Most of the critics of my plan claim that it will be impossible for me to get a job after over a decade of doing nothing. First, I would argue that I’ve been doing nothing for the last decade anyway and you all still expect me to get a job this summer. Secondly, just picture how the job interview would go.

Hot shot company guy- So Mr. Arleth, I have to ask you about something curious I found while looking over your resume. It appears you have quite the gap between the years of 2010 to 2023.

Mr. Arleth- Oh, well I took a lot of lessons. Learned how to paint, play the guitar, and water ski. I even dabble in some karate. I watched a baseball game in every major league park and even played professional whiffleball for a few years. I’ve moved a lot. Spent time living in Florida, New York, Canada, Seattle, and Arizona. I’ve read a lot of books and played even more video games. I also fought in a civil war in a small South American country.

Would you really not want to hire that guy? I want to party with you cowboy. Plus, as a bonus the company wouldn’t really have to worry about setting up a retirement plan for me right? I’d probably be a hell of a worker too. After doing nothing for a dozen years, I’d most likely be pretty excited to actually have a job. Remember what summers were like in grade school? Everyone loved the time off, but come August you secretly started getting a little bored and wanted to go back to school to see all your friends again. Same story in this case.

I think this lifestyle would be healthier in the long run too. My buddy Matt told me that people who work later into their lives tend to live longer. I didn’t feel like checking this out, but I’m going to take his word for it (what? I am retired. Get off my back). This kind of makes sense though. Older people who work remain more physically active and mentally alert then those who retire away to their living room couches.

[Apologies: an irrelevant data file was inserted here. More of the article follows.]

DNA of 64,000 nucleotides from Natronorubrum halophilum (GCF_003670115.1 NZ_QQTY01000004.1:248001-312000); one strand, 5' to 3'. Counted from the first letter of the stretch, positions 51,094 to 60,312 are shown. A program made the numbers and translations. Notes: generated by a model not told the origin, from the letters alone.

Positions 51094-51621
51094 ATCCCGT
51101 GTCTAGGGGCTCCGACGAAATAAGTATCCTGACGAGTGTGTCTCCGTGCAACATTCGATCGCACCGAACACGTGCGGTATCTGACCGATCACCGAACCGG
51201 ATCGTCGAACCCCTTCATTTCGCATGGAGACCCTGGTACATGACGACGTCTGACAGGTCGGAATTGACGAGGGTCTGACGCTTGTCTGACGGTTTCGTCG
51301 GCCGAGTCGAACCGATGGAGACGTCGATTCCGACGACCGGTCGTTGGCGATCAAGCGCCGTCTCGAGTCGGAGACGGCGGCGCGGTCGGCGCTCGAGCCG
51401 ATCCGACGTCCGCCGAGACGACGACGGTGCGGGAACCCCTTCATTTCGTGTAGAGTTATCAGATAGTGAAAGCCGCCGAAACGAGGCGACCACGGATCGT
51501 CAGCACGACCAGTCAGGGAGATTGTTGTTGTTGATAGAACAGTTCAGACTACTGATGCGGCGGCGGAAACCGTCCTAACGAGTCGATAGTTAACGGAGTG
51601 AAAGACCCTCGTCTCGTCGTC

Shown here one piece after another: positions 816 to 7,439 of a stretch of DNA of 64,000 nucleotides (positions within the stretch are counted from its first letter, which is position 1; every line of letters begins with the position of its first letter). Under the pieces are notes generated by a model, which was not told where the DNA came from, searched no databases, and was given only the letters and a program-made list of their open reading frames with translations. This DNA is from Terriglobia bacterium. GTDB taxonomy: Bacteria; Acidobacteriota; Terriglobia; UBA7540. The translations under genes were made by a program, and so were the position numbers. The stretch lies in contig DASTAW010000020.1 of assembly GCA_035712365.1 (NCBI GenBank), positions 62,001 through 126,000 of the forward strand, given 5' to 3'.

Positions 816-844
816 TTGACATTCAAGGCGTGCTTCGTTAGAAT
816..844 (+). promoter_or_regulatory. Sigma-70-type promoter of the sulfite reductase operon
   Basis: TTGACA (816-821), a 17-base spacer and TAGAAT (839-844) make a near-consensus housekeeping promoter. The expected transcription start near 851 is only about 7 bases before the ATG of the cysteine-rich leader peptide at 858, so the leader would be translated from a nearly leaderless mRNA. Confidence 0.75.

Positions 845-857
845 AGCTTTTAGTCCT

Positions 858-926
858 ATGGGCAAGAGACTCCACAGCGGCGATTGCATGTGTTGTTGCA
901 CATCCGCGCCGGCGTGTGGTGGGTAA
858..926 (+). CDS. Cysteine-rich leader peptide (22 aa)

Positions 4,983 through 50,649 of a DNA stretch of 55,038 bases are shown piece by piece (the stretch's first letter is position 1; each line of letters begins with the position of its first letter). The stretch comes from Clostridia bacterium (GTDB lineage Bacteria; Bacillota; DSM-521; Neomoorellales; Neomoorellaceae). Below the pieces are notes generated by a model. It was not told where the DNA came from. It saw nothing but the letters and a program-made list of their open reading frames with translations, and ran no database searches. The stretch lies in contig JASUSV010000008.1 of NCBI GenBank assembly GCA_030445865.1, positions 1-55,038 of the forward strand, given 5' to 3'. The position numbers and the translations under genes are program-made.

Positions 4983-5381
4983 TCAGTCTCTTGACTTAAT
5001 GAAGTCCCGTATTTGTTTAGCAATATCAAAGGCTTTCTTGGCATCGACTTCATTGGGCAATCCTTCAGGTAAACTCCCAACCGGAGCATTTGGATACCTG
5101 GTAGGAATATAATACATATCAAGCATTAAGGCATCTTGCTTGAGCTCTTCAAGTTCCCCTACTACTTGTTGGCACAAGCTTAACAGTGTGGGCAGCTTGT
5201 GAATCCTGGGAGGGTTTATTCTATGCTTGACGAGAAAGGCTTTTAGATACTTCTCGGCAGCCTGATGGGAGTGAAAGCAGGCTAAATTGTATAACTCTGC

I understand that very early retirement isn’t an option for everybody. Some professions require the employee to be young, For example, I don’t think I’d be comfortable with a 67 year-old man climbing a ladder to rescue me from a fire. I think some occupations would benefit from this life style though. Wouldn’t a 36 year-old teacher with tons of world experience be a better hire than a 22 year-old immature college graduate?

I am a realist. I understand it is going to be hard to get a job once I graduate anyway. With a collapsing economy and a rapidly falling GPA (why didn’t anyone tell me we had an oceanography mid-term today?), the job hunt is going to be rough. So I figure I’d rather be self-unemployed anyway.

My friend Becky and I agreed this plan can turn out one of two ways. It could work, and I would be one of those guys living on tropical islands, writing books, and giving motivational speeches at highschools. It could also be a disaster and I’d be living in a card board box on the side of the road begging strangers for money and old friends for a place to stay. I’d be fine with either scenario. I think my friends would give me a place to stay anyway. They owe me for babysitting their kids all those years ago when I was retired and they had work.

So that is my very-early retirement plan. Currently I am thinking about turning it into a documentary or maybe a book. If anyone is interested in filming me for the next 13 years, send me an email at Jmarleth@bloomu.edu. The way I see it playing out, we will enjoy life for a while, release our finished product at age 35, make millions of dollars, and retire a second time. That’s called beating the system.